Understanding the Hidden Risks of Life Insurance: Due Diligence for Policy Holders and Fiduciaries
Immediate cash needs at death range from general living expenses to buying out a business partner or providing funds to pay estate taxes. But imagine opening a letter one day from your insurance company to find that your equity-based life insurance policy may lapse due to lack of funding. Despite thousands of dollars in premiums dutifully paid over many years, market conditions may have quietly eroded the equity value of your policy. Over the past few years, universal and equity-based life insurance policy owners have found themselves asking, “How did this happen?” and “How could I have avoided this?”
The answer to the first question is fairly straightforward. Universal life insurance is still a relatively young product. It arrived in the marketplace in the late 1970s and saw explosive growth in popularity throughout the high-interest-rate era of the 1980s. Three decades and two recessions later, we find that the projections and assumptions originally used to illustrate the economics of the policy were not borne out in reality.
The low-interest, low-return environment that we have experienced over the past decade has resulted in the owners of universal life policies receiving considerably less interest on the cash portion of their policy as compared to the higher interest rates that were available at the time of purchase and were used in projections and illustrations. Meanwhile, the policy charges that were easily handled at the higher projected interest rates are now adversely impacting the originally projected policy cash values. This will result in less-than-expected cash values down the road, potentially reduced death benefits and/or in the worst case, policies lapsing years earlier than originally projected. The owners face the difficult decision of anteing up additional money to save the policy or losing their coverage and the years of premiums they have already paid. Even more problematic are the policies that have eroded to near worthlessness under the care of a well-meaning but uninformed trustee.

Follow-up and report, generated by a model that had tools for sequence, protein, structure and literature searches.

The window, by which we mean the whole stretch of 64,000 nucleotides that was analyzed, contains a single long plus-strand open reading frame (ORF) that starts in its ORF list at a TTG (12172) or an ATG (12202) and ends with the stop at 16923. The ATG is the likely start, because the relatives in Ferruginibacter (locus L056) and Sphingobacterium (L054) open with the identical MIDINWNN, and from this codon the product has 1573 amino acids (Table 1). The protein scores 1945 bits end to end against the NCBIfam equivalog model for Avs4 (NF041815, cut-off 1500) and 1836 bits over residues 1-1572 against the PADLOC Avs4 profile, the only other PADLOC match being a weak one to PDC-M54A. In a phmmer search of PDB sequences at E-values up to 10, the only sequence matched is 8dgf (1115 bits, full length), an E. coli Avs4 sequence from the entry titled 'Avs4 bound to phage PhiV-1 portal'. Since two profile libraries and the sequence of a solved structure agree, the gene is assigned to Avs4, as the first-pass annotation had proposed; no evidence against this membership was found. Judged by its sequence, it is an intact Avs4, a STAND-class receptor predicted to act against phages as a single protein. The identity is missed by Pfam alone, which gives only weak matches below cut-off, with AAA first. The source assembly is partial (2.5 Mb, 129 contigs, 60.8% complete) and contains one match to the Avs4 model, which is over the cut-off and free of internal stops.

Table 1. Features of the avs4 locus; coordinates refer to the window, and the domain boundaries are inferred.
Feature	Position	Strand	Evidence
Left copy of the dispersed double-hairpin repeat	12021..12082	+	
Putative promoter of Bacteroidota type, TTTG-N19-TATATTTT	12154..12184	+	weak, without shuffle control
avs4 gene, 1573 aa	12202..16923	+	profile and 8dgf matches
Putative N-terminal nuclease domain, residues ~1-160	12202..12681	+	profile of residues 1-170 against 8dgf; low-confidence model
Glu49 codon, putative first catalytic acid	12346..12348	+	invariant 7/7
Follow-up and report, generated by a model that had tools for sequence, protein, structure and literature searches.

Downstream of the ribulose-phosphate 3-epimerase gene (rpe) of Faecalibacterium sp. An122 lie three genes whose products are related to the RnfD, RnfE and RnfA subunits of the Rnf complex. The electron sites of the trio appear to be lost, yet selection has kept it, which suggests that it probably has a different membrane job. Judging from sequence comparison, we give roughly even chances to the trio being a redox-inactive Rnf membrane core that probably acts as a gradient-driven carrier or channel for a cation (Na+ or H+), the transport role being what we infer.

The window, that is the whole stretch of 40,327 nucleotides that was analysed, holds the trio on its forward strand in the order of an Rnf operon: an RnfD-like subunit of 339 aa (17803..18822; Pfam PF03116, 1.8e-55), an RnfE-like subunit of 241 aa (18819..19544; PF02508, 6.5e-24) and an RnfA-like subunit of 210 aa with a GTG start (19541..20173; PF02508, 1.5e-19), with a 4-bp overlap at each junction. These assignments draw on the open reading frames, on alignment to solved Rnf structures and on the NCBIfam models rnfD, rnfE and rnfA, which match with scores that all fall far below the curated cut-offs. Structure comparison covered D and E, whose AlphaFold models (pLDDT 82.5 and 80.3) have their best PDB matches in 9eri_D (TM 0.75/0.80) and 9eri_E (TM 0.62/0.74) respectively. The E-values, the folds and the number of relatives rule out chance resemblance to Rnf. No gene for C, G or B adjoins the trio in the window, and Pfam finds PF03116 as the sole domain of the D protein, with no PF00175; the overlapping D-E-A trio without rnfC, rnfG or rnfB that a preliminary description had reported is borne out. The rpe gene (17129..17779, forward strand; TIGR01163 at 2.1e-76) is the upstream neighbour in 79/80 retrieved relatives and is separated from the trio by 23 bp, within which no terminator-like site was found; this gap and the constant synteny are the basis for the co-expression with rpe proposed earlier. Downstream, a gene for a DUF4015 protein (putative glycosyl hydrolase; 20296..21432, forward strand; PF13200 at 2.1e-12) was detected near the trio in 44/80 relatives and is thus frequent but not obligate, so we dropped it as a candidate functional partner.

With regard to the second question, determining whether there might be a looming problem or opportunity requires some work, but may well be worthwhile for owners and trustees alike. Here are some suggested steps to getting at the issue.
The Metropolitan Corporate Counsel
December 2013 Issue
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